Posts Tagged YouTube

April 12 MLB Roundup: Full Count to Cano…Hey Look, Cars!

I mentioned in yesterday’s roundup that last night’s Yankees-Red Sox game was one of the weaker recent offerings involving the two teams. The game was close, but there wasn’t a lot of drama, and the atmosphere was surprisingly dull given the blood feud between the clubs.

Saturday’s game was more along the lines of what to expect when the Sox and Yanks square off. Like Friday’s game, both starting pitchers put forth pretty solid efforts to keep their respective teams in the game. Unlike Friday’s game, this game was actually enjoyable to watch.

I’ve already made most of my comments on Chien-Ming Wang, but I’ll throw out one more. He’s just not very interesting to watch as a pitcher. He goes in there, gets a ton of ground balls, eats innings, and that’s about it. He’s not very flashy, though he’s sure as hell effective. On the other side, you had Clay Buchholz, who has electric stuff but can’t always control it. The result was Buchholz throwing 99 pitches in six innings before giving way to the bullpen. It’s widely accepted that a pitcher’s pace has one of the biggest effects on a game, and when the home crowd sees its stud rookie pitcher laboring through six innings while the opposing team’s bland starter is mowing the home team down, it’s understandable that they’re not going to demonstrate a lot of enthusiasm, even with the game as close as it was yesterday.

This afternoon was a different story. Boston had its ace on the mound in Josh Beckett, and he was going up against the corpse of Mike Mussina. Beckett was arguably the best pitcher in the American League last season, whereas Mussina has been steadily declining for years and is often forced to rely more upon guile than skill at this stage of his career. Still, the Stanford graduate is far from an idiot when it comes to the art of pitching, and has been able to get by for the most part with his diminished stuff. Of course, he’ll take his lumps from time to time.

The Fenway faithful seemed to expect this to be one of those times, and was pumped up every time the Sox threatened to score. To Mussina’s credit, he held the Red Sox in check every time, but this crowd wasn’t as easily demoralized as Friday night’s. Even when Beckett coughed up the lead in top of the sixth inning, it wasn’t like dread set like it had on Friday. Sure enough, the Sox rallied back and the crowd went nuts.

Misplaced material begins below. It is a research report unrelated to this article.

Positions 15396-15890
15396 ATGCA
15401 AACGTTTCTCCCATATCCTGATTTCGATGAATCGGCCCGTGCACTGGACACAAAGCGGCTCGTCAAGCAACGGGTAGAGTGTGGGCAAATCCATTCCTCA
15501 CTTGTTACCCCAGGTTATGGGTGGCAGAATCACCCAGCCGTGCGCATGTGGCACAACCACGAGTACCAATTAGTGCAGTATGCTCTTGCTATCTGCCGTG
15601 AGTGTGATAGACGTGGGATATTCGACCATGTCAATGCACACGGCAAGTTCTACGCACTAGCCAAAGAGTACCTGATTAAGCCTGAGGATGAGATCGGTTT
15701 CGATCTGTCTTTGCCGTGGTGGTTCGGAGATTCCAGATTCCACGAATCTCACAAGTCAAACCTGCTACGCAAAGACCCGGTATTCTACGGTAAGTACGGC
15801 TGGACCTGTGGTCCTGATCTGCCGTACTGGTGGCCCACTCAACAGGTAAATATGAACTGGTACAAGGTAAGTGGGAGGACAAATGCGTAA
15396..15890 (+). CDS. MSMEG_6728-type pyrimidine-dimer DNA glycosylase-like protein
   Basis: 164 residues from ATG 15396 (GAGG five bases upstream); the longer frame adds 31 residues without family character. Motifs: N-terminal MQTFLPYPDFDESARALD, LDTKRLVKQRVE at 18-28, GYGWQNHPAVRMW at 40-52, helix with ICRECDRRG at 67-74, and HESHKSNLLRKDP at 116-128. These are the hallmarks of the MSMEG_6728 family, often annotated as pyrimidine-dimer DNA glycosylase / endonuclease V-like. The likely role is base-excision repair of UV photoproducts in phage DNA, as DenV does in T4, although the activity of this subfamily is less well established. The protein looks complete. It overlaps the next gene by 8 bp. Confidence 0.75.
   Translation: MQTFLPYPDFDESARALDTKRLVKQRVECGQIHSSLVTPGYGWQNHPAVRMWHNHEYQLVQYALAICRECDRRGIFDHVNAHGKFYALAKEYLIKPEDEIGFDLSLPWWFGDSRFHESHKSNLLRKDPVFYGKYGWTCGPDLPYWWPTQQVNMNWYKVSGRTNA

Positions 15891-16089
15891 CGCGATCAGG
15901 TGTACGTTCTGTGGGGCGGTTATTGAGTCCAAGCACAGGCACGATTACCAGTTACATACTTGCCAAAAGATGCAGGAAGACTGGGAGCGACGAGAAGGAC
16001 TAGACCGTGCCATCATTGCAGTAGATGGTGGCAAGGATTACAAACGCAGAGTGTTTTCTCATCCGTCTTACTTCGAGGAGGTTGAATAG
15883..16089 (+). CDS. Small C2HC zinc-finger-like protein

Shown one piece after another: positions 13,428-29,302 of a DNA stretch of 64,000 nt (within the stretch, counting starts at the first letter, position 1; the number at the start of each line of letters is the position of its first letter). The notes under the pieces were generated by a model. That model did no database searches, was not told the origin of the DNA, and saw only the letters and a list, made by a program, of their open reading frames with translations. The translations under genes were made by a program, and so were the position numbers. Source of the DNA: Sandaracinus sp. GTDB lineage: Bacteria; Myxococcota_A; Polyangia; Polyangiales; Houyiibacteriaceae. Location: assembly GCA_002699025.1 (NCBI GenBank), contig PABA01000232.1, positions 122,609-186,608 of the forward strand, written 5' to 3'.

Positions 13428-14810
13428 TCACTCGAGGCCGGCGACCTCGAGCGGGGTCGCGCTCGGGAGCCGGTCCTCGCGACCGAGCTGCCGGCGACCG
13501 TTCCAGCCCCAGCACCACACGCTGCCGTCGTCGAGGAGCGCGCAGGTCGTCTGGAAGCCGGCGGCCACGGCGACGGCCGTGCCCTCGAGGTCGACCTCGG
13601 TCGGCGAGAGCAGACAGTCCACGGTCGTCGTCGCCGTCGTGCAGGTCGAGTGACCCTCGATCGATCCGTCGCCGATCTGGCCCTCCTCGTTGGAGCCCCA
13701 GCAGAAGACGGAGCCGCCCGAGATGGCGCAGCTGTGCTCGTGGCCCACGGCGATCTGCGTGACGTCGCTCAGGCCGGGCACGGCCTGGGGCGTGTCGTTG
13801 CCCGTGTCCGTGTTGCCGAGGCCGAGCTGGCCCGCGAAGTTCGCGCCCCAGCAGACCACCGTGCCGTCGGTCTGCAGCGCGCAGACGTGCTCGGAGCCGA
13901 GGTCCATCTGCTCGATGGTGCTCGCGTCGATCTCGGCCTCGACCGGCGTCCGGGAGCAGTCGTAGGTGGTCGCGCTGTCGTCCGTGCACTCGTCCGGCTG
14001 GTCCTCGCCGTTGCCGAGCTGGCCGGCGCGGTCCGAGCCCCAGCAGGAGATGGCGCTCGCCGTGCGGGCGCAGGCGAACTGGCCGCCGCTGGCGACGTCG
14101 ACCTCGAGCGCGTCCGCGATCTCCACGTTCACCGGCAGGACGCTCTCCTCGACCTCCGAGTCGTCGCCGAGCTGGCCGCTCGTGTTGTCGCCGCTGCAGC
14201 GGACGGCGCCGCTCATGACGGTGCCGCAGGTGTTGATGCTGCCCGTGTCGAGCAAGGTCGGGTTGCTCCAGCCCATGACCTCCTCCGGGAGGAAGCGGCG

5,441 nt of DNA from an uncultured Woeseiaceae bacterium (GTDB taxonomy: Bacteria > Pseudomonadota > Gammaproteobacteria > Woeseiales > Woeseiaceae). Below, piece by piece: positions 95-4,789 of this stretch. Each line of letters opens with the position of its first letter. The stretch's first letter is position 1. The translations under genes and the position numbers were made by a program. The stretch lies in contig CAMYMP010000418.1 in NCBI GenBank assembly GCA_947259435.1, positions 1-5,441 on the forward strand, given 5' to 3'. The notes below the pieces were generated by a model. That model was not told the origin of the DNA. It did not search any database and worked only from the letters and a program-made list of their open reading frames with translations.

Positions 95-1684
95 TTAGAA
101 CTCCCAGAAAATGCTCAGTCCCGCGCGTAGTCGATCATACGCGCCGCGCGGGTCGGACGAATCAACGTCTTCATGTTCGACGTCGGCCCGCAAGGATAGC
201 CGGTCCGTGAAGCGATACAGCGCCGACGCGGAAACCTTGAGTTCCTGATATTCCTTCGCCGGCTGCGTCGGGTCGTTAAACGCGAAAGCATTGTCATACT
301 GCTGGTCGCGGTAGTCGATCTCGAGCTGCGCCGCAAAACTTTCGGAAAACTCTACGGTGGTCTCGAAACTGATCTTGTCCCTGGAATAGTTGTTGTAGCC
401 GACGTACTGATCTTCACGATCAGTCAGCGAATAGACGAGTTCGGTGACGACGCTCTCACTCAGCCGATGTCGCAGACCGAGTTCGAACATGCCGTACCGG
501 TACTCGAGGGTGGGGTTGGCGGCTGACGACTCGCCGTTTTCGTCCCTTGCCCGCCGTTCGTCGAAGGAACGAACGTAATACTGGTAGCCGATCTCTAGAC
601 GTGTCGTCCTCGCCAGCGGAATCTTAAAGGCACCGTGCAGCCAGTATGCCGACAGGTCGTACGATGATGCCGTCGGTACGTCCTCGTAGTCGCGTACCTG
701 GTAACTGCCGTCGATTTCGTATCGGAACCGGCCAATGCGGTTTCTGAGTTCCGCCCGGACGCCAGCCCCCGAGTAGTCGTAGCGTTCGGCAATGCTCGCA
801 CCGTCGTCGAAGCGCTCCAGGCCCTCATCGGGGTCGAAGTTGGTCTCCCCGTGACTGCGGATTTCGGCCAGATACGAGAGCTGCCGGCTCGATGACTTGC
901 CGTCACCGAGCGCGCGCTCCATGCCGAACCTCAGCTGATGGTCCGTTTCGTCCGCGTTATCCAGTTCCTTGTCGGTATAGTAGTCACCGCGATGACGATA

(Say what you will about my placing this much emphasis on the crowd, but really, it’s Red Sox Nation and the Yankee fanbase that drive the rivalry. Everyone’s heard it already, but it’s not like the players on these teams legitimately hate each other (for the most part, anyway). Seeing a crowd that is actually into the game adds to the atmosphere, if nothing else.)

So we’ve established that the game was at least as dramatic as your typical close ballgame. Still, it wouldn’t be a Yankees-Red Sox game without at least some strange managerial decisions and a general sense of controversy.

The bad calls were primarily generated by Joe Girardi today. He allowed Mussina to pitch to Manny Ramirez with runners at second and third with two outs in the bottom of the sixth inning. At the time, the Yankees were clinging to a 2-1 lead. After Manny’s at-bat, the Yankees trailed 3-2. The second-guessing began almost immediately, as Ramirez could have been walked to load the bases for Kevin Youkilis.

Later, Girardi used LaTroy Hawkins in a one-run game in the 8th inning. The move worked out, but seriously, LaTroy Hawkins?

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4/8 Roundup: Mets Get Rickroll’d, NHL Picks Used As Diversionary Tactic